In short, I entirely agree with your position that we need clarity on the concept of stabilisation. In so doing it might also help us avoid taking unnecessary compromises that undermine what is ostensibly the aim of the intervention.
There is a debate hosted by the UK Government’s Stabilisation Unit today between Professor Roger Mac Ginty and Dr Christian Dennys on “The case against and for Stabilisation”. I understand Keith Sargent and possibly other members of the Panel of Experts may be attending and it would be wonderful to hear any feedback from that debate as well as other comments on Malcolm’s post.
Thank you very much for the comments on my post on Stabilisation.
I attended the debate to which you refer today. It was heavily subscribed, with a great deal of interest shown. Unfortunately, there was not sufficient time for my comments to be made but others did so and it led to a stimulating exchange, with a wide range of ideas.
When I get a few moments I am looking at the possibility of writing a paper to join the MacGinty/Dennys debate. I know Christian Dennys and have chatted to him briefly about both papers.
Both parties to the debate have very valid points, but I can’t help feeling a little uncomfortable with the way in which the word ‘Stabilisation’ is being used. My feeling is that the term ‘Stabilisation’ has become something of a totem and that the search for its meaning is futile because it is both essentially contested and generally interpreted – it is a catch-all term for a series of activities that theorists, practitioners, and policy makers extend for their own perception of what they believe they need to achieve in a conflict situation.
Whether or not you subscribe to the type of intervention described as Stabilisation being about control, it is irrefutable, I think that it is about power relations.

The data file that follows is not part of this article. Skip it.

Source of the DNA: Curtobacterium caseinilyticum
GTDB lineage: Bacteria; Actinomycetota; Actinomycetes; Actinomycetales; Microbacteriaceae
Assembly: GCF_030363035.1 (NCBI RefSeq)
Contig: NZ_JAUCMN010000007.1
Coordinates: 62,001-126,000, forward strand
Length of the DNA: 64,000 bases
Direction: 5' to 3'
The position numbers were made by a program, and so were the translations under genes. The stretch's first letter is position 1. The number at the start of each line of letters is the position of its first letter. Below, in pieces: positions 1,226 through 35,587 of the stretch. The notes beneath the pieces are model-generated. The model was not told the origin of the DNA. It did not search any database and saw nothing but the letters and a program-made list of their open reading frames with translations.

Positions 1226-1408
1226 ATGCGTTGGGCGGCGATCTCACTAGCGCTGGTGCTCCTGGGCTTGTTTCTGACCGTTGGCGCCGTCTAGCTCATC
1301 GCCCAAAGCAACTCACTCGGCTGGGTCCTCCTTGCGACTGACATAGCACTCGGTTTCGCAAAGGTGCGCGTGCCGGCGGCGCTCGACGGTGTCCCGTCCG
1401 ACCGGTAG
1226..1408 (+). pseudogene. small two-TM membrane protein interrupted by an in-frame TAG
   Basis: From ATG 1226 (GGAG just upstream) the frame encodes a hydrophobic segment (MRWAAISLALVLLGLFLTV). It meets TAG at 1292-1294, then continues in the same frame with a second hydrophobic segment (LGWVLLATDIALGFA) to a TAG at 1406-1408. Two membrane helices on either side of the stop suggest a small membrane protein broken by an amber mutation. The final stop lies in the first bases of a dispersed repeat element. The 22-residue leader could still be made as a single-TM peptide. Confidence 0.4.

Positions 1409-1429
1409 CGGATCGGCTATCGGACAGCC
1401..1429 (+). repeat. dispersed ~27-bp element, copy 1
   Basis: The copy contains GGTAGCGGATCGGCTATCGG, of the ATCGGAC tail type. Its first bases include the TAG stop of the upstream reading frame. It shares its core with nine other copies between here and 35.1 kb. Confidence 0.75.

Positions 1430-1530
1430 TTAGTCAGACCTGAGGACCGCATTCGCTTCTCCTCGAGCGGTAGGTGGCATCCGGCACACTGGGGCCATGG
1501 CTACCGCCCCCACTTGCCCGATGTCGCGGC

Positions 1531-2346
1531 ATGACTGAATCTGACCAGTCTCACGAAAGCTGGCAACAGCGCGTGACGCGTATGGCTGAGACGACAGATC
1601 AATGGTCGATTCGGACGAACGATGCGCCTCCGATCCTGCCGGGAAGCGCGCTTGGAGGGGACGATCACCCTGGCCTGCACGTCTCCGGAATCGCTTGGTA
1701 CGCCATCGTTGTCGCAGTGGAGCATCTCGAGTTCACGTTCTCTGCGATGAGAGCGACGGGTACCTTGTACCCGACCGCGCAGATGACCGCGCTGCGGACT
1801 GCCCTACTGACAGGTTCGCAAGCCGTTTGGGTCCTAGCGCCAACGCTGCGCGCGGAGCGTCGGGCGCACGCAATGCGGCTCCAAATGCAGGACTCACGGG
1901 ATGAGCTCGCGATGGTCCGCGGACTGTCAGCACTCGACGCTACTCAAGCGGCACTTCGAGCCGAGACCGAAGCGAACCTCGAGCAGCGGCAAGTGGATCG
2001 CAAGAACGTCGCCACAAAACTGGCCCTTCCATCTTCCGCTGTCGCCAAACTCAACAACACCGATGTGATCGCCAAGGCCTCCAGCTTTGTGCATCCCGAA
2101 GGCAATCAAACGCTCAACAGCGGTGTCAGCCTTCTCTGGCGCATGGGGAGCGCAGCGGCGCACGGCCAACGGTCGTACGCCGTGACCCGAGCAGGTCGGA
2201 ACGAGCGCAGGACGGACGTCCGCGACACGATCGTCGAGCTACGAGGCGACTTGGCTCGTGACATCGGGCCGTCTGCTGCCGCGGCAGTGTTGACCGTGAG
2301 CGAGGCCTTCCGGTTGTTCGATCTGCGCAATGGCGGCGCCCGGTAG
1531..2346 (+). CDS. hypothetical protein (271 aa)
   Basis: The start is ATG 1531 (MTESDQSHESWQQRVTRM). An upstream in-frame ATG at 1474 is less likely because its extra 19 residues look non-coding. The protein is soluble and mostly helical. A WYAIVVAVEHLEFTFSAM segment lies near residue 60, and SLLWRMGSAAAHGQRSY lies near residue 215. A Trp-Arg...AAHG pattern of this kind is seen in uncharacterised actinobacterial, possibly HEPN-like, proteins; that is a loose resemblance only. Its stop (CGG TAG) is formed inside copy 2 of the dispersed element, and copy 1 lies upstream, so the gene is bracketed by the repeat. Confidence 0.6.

Only a state with greater power can intervene to engage in what is called ‘Stabilisation’ in another state. The situation is never reversed in these terms. A state acts to promote and protect its interests so even the most benign intervention carries with it the baggage of vested interest and expectation of certain outcomes, against which success (or not) is measured. Thus we are looking at ‘Stabilisation’, as described in the two papers, being predicated on an projection of power and an expectation of a certain type of outcome. Inherent, therefore, must be control, especially if this is facilitated through cessation of conflict against these expected outcomes.
Too late at night to into this more, but I will fiddle with some text over the coming weeks and may burst into print again when my thoughts are in order.
first of all i congratulate all of you for sharing your views on this subject about stabilisation in a post conflict context.
Coming from a country (cote d’ivoire) that is going through a stabilisation process since 2011 (post conflict), i must say that there are prerequisites to any stabilisation process among which reconciliation itself resulting from a political will for sincere peace. Our country is unfortunatelly missing its reconciliation process due to a serious lack of political will. So stabilisation is possible but not entirely. to be a successful process it needs to be inclusive and based on justice for all.